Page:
Canada’s telecom regulator will provide $72-million to help bring faster internet to more than 10,000 households in northern Manitoba, Yukon and the Northwest Territories.
Broadband Communications North Inc., a not-for-profit Indigenous network in Manitoba, will receive about $10-million for a satellite internet project. The remainder will go to BCE Inc.’s Northwestel Inc. to provide faster internet via satellites and fiber-optic cables to residents of Yukon and the Northwest Territories. The projects are expected to benefit residents in 51 predominantly Indigenous communities.
Wednesday’s announcement marks the first payout from the Canadian Radio-television and Telecommunications Commission’s (CRTC) Broadband Fund, which will provide a total of $750-million over five years to improve internet access in underserved regions. The money, which the regulator collects annually through fees the telecom industry pays, is meant to complement other sources of funding, such as private capital and government investments.
The announcement comes amid growing pressure to bring faster, more reliable broadband to rural Canadians since the COVID-19 pandemic shifted work, school and commerce online. That’s created challenges for those who don’t have access to affordable, high-speed internet.
CRTC chairman Ian Scott said that for this first financing round, the commission considered only projects in the territories or in regions that depend on satellite for their internet service. The aim, Mr. Scott said, is to direct funding where it’s most needed.
Construction is expected to begin in spring, 2021, after the companies and the regulator have hammered out details such as schedules and costs. The projects are expected to take about three years, Mr. Scott said.
“The north is particularly challenging,” he said. Construction supplies are delivered to Canada’s north only a few times a year, and the building season is short. “You can’t do anything in the dark, on frozen ground,” he said.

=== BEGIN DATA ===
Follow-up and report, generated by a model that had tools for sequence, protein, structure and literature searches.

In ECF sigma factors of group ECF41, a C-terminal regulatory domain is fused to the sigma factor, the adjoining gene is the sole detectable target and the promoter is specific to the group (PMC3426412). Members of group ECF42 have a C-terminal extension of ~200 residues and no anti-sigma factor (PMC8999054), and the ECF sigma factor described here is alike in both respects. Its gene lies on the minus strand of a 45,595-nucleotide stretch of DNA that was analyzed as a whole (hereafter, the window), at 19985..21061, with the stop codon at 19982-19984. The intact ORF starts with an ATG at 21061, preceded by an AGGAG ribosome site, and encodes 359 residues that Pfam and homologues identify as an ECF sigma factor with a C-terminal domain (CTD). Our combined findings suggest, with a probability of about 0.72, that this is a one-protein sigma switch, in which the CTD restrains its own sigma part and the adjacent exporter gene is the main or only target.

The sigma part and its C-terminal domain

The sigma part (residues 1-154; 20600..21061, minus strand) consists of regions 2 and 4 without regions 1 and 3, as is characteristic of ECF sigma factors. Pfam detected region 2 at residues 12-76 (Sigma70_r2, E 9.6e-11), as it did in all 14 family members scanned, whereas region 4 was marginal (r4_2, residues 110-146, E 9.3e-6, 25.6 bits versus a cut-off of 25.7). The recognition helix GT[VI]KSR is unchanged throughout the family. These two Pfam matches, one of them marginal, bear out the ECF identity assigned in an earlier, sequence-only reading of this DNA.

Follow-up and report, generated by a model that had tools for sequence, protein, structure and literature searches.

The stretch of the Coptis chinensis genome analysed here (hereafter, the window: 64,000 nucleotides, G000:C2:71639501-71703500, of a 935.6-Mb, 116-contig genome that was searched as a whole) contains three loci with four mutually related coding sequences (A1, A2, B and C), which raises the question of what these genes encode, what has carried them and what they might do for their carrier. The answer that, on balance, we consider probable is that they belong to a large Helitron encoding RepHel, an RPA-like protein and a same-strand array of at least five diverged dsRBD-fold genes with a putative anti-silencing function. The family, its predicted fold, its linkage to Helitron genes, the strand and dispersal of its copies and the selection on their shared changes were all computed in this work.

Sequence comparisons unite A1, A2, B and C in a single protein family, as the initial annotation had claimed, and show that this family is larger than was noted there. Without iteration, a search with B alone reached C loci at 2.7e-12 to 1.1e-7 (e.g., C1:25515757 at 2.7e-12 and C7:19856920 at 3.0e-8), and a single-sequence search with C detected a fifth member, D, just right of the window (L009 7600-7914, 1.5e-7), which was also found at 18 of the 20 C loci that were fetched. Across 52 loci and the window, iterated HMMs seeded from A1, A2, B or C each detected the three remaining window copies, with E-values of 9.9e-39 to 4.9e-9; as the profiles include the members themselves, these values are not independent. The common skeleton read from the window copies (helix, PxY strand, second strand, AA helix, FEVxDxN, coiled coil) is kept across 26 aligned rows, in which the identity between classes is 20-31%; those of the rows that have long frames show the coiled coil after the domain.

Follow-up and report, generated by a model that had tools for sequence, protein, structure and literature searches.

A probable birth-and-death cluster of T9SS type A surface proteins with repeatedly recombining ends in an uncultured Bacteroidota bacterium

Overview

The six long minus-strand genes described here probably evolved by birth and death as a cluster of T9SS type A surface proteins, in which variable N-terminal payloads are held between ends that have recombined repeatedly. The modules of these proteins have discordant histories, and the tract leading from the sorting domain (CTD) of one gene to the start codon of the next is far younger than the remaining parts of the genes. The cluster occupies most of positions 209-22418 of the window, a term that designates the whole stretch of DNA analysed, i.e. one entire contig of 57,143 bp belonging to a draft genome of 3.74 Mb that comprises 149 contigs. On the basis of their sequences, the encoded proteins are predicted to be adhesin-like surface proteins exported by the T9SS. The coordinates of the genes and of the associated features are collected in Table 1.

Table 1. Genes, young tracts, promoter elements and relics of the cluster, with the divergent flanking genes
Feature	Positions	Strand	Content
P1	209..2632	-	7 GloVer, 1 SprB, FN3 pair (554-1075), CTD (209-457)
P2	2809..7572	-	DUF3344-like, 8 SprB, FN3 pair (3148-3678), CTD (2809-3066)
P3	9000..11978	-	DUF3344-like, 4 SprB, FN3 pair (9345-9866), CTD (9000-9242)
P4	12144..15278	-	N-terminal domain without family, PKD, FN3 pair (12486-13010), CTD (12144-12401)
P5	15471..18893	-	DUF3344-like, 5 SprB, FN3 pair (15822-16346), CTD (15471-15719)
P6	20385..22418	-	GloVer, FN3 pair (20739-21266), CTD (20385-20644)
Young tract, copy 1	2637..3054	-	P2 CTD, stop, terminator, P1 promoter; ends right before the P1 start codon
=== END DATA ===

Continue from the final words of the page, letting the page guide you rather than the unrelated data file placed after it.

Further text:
The CRTC’s goal is for all Canadians to have access to download speeds of 50 megabits per second (Mbps) and upload speeds of 10 Mbps. Last year, only 42.6 per cent of rural households had access to such speeds and unlimited data, according to the regulator.
The satellite project in northern Manitoba will provide users with only 10 Mbps downloads and one Mbps uploads, although faster speeds could come later, Mr. Scott said.
“The commission’s aspirational target ... just was a bridge too far for some communities,” Mr. Scott said, adding that the service is still “infinitely better” than the three Mbps download speeds currently available.
The commission is also reviewing the nearly 600 applications it received in its second call out, which will consider projects in any part of the country.
Mr. Scott said he isn’t sure how much time it will take to determine which proposals to fund. “It’s a very long and rigorous process,” he said, noting that more than $1.5-billion in total funding has been requested.
The CRTC is also co-ordinating with the federal government, which has its own broadband fund, to prevent overlap between the projects being funded, Mr. Scott said.
Ottawa has not yet opened its Universal Broadband Fund, which is expected to allocate up to $1-billion over 10 years, to applications. Rural Economic Development Minister Maryam Monsef said in early June that calls for applications would go out “in the coming days.”
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